Renewable energy costs continue to fall letters gas you up


Your groups have bastardized every form of energy….nuclear, then coal, now nat gas. If left to your crowd, we would have rolling blackouts to compensate for the loss of power. You need gov’t subsidies at state and fed level to make your less efficient forms even close to viable.

You dream up social costs which again have been exaggerated like your warming agenda stats were. Do your homework on how many times their figures have proven to be wrong. But again, your spokespeople, Al Gore, Paul Ehrlich,the IPCC, et al, maintain it’s okay to “stretch the truth”, because your intentions are good. They keep their gov’t funded studies secret from other “non believers” for review. Etc, etc, etc.

Other forms of energy will become available and affordable down the road. But the progressive eco extremists are not the type of people I would want, deciding that and getting us to that moment. We have seen your ilk in action in Europe, Cal, and NY. Actually, those might be great places for you and your alarmer buddies to make extended visits. You can se the 20’ sea level rise up close and personal.

One thing you have left out, Bob-the-insurance-guy, is that there is not even a rationale to subsidize fossils, and every reason to place a Pigovian tax on them. There is, of course, a rationale to subsidize renewables, which is that they are needed to reduce traditional pollution and the newer problem of climate change, given that they cannot otherwise compete with cheap fossils. Today, renewables are able to compete with fossils and it could be argued that we could let the market take over. However, the market would almost surely not allow renewables to dominate fast enough to save a habitable earth. Subsidies could be eliminated by placing a Pigovian tax on fossils. Such a tax could be revenue neutral by returning the proceeds of the tax to the public either in the form of direct payment or tax reduction. The result would be to bias the market in favor of renewables and against carbon based fuels. A similar scheme is cap and trade: cap the amount of carbon based fuel and allow producers or users of the fuel to trade the allowable credits of fuel, which worked very effectively for coal and acid rain. For reasons that defy explanation, you and many others oppose anything that threatens carbon based fuel. Imagine what your position would be if people like me were advocating for a switch from electric vehicles and tools to gasoline ones. You would be making jokes about women in their Sunday dress having to gas up their car with the risk of arriving at church smelling of gasoline!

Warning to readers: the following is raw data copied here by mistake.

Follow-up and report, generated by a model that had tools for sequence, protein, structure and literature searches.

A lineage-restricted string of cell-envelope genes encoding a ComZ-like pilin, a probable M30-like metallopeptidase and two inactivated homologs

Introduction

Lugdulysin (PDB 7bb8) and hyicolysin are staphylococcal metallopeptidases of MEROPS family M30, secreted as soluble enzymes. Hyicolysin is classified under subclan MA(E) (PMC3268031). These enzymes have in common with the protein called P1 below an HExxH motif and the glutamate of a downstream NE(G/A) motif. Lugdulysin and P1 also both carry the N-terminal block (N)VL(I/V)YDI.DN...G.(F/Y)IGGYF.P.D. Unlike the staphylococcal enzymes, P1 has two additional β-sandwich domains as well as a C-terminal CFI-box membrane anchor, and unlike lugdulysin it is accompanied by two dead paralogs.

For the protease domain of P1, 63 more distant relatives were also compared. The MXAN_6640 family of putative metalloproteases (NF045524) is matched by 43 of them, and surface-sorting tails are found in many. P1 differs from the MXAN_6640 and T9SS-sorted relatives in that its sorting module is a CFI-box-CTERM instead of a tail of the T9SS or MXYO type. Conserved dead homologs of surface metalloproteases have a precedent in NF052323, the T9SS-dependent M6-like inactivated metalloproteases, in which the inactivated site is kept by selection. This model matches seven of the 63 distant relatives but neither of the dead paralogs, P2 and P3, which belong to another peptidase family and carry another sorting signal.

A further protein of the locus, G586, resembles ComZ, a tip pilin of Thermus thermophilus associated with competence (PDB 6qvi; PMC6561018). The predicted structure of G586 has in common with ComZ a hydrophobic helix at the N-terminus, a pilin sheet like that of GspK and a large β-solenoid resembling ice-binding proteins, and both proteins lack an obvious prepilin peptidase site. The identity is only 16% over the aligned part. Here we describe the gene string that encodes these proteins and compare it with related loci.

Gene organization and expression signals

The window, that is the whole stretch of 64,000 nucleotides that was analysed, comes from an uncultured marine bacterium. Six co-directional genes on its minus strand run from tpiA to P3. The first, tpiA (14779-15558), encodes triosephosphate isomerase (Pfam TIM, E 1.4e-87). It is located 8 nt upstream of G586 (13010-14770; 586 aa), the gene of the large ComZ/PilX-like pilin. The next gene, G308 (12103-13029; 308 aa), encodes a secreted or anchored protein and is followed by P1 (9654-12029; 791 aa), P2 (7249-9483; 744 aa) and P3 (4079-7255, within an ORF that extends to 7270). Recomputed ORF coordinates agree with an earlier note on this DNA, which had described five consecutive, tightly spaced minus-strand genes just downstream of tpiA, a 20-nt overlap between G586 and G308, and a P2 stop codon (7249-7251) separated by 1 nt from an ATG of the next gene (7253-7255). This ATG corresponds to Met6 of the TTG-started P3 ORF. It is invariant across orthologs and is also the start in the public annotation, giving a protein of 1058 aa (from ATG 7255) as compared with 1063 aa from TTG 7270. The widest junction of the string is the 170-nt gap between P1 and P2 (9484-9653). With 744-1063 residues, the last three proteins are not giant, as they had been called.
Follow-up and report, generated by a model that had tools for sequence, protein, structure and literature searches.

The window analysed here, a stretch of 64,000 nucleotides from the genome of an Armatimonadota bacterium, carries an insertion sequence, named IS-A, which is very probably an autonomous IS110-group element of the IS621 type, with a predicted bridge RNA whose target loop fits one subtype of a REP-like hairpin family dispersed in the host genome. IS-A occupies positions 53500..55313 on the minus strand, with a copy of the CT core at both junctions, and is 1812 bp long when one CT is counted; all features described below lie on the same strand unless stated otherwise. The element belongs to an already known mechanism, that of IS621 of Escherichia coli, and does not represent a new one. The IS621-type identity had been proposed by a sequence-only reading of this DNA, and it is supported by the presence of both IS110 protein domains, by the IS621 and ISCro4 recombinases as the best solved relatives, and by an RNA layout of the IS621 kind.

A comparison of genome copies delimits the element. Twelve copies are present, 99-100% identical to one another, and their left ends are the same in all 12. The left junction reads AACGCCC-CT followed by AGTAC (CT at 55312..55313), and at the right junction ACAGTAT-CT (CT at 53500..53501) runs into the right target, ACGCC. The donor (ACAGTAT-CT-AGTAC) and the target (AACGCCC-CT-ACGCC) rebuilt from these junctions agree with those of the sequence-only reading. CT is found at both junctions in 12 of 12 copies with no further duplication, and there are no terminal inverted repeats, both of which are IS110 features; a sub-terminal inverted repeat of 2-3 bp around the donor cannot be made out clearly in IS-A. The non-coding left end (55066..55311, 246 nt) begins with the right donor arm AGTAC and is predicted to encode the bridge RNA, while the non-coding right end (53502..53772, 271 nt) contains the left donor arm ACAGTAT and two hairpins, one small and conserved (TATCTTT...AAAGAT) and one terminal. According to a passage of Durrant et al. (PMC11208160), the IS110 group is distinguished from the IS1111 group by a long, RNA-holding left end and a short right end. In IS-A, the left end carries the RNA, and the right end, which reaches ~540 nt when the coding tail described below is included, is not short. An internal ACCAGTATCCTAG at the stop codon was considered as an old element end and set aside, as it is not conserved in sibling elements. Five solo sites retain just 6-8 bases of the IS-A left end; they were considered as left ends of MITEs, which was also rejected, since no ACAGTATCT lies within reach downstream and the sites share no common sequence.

Are you so scholarly that you can say "most studies exaggerate the costs," or do the conclusions of the studies simply conflict with your preferences? The modern age, that is, Industrial Age forward, relied first on hydropower and then on fossil fuels like coal and oil. The nuclear age promised unlimited, cheap energy without minimal pollution, though greenhouse gas emissions was not known as a major issue at that time. Political, cost and safety issues beset nuclear, such that energy production fell back on cheap coal, but the price paid was a myriad of environmental issues—desecration of mountains and streams, nitrogen and sulfur air pollution, acid rain destruction of forests and rivers, health impacts on asthma, heart and lung disease, mercury poisoning of fish, etc., radioactive particulate, coal ash, and mine safety. Climate change forced us to look for non-carbon solutions, but nuclear fission continued to have political, cost and safety issues. Nuclear fusion has yet to be perfected. Wind and solar made surprising gains in efficiency and reduction in costs; battery technology is advancing; such that we now have alternatives to fossils. Natural gas could also form a bridge to renewables if conservatives were willing to adequate regulate fugitive emissions. Nuclear fission, too, could be a major part of the mix if the seriousness of climate change was adequately considered.

So, the plan should be: Stop building new fossil infrastructure; tax fossil fuels; build our wind and solar; properly regulate natural gas; use nuclear fission in safe locations; develop advance nuclear fission; continue working on nuclear fusion; fund advanced battery research; increase energy efficiency; do all the other practices in agriculture and building design that reduce greenhouse gases.